When big companies have a big hammer (a marketing budget worth 9 figures per year), everything looks like a nail. This means that very little thought is put into their campaigns. This is a perfect example.
Mistake #1: They removed Lizzo’s incentive to care about the product or the company.
Lizzo probably got paid millions for this ad, but you can’t buy genuine love of a product. They scripted everything Lizzo did and left nothing for her to express. That’s why TV commercial-style ads don’t perform.
Back before social media, the only time you could see a celebrity was on TV. When they appeared on your screen, they immediately caught your attention. Now, we see them 24/7 on IG and TikTok. The bar has been raised.
Instead of just using someone’s likeness for attention, you need to let the talent be themselves. Lizzo has a better presence than 90% of influencers. Letting her do her thing is the best thing that Instacart could have done.
Gen-Z does not spend time watching media where a TV commercial would appear. They watch social media. In this next point, you’ll see why they still failed to get THAT right, too.
Mistake #2: There were no posts on Lizzo’s social feed.
Similar to what I mentioned before, celebrities are not valuable for their likeness as much as they were in the 90s. They’re valuable for their organic audience. Their fans.
When you keep Lizzo in a closed loop, only running as an ad for streaming platforms, you leave out the people who are most likely to support Instacart via a partnership with Lizzo. Before you say “Instacart didn’t wanna pay extra”, get serious. They’re going public this year.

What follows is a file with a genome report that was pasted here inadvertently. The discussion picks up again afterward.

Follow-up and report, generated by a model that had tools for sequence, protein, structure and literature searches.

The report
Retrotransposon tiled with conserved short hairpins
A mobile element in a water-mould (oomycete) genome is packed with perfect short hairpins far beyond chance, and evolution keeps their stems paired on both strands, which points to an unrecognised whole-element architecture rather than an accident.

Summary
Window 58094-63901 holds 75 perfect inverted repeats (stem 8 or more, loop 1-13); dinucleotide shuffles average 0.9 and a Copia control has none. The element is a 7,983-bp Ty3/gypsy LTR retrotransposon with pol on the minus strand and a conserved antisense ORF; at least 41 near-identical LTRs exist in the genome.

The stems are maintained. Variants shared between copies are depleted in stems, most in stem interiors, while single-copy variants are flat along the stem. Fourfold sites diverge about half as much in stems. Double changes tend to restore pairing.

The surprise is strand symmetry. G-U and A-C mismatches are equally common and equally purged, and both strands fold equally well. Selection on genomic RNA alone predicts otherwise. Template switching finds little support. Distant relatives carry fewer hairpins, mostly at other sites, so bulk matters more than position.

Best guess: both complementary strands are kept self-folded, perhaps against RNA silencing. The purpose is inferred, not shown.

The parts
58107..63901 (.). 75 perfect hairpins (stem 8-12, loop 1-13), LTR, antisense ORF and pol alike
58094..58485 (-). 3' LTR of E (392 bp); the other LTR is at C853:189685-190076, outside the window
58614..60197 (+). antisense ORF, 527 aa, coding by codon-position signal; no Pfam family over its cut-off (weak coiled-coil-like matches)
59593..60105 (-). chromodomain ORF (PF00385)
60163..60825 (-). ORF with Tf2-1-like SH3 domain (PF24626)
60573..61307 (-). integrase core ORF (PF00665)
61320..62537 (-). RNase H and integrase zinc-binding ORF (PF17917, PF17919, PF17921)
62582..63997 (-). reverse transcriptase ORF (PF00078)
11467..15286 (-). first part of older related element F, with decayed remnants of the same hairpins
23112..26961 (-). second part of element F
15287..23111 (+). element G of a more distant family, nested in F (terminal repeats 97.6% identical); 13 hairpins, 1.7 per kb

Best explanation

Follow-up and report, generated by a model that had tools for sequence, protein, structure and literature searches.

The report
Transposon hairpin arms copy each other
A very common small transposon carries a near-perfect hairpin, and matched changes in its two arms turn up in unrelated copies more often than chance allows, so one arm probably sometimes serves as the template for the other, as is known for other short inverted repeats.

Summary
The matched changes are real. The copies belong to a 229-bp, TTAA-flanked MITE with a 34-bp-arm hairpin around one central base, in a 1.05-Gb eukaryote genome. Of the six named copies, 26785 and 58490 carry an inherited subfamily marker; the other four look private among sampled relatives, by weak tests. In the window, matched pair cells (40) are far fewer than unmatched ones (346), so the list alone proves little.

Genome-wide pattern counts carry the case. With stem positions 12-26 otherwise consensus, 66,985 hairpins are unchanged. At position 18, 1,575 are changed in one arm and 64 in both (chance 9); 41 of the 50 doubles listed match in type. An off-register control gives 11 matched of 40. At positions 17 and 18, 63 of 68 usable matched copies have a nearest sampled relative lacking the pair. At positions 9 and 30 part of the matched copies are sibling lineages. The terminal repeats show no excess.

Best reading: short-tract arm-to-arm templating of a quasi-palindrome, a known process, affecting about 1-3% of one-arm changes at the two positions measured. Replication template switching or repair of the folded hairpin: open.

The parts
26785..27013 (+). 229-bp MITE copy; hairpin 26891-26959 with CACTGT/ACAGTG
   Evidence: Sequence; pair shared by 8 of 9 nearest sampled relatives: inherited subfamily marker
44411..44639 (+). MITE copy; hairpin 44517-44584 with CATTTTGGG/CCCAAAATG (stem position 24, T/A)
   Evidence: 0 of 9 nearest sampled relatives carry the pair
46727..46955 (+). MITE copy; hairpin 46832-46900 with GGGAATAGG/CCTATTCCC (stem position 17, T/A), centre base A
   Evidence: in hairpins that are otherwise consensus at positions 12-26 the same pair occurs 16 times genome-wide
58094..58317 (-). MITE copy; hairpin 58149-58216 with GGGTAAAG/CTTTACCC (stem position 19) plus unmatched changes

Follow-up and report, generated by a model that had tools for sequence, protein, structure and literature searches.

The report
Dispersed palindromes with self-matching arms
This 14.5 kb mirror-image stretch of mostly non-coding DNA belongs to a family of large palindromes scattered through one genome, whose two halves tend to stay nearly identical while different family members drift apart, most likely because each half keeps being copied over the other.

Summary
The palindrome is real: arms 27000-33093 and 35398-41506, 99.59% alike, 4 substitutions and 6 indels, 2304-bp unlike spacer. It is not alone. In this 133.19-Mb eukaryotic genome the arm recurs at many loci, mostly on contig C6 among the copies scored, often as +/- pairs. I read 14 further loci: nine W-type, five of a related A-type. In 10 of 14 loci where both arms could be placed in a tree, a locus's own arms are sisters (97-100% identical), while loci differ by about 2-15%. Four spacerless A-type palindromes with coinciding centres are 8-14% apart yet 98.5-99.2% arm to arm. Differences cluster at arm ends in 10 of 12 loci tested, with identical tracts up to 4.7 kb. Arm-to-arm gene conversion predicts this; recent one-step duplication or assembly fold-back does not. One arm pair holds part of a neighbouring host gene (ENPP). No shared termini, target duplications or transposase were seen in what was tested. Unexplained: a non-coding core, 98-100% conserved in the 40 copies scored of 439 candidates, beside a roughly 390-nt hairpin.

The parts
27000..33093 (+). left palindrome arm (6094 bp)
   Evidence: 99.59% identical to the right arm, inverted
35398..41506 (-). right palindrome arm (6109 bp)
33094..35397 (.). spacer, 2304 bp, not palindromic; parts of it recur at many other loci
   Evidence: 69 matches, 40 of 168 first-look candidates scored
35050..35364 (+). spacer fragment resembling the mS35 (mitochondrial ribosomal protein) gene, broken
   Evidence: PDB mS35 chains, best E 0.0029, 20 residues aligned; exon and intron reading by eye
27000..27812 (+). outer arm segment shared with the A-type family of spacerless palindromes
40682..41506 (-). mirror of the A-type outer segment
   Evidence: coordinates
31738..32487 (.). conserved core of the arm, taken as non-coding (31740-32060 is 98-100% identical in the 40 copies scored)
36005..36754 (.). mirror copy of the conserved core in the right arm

If the goal of this campaign is to reach Gen-Z, and they neglected to use Lizzo’s IG + TikTok feed, they messed up. Just take a visit to Lizzo's Tiktok. They missed a massive opportunity for easy impressions.
Mistake #3: They ran the WRONG type of ad on Facebook. No UGC from Lizzo.
This is an obvious one. The only UGC-style ads they’re running are to attract shoppers on the service-delivery side. A UGC-style video of Lizzo being herself, creating her own use-case for Instacart delivery would be brilliant.
If you want to see an example of an ad that did well, here’s a campaign I ran during my time running the influencer marketing department for QALO. This is Brittany Aldean talking about our product on Facebook Live: loom.com/share/af52a897…
The reason this works? - She actually uses the product and loves it - It’s off-the-cuff and genuine - She’s being herself, which is what got her the fame she has
TLDR: No matter how famous your influencer is, do not disregard the potential of a UGC-style video where the influencer is genuinely obsessed with the product, and expressing that in a way they’re naturally good at.
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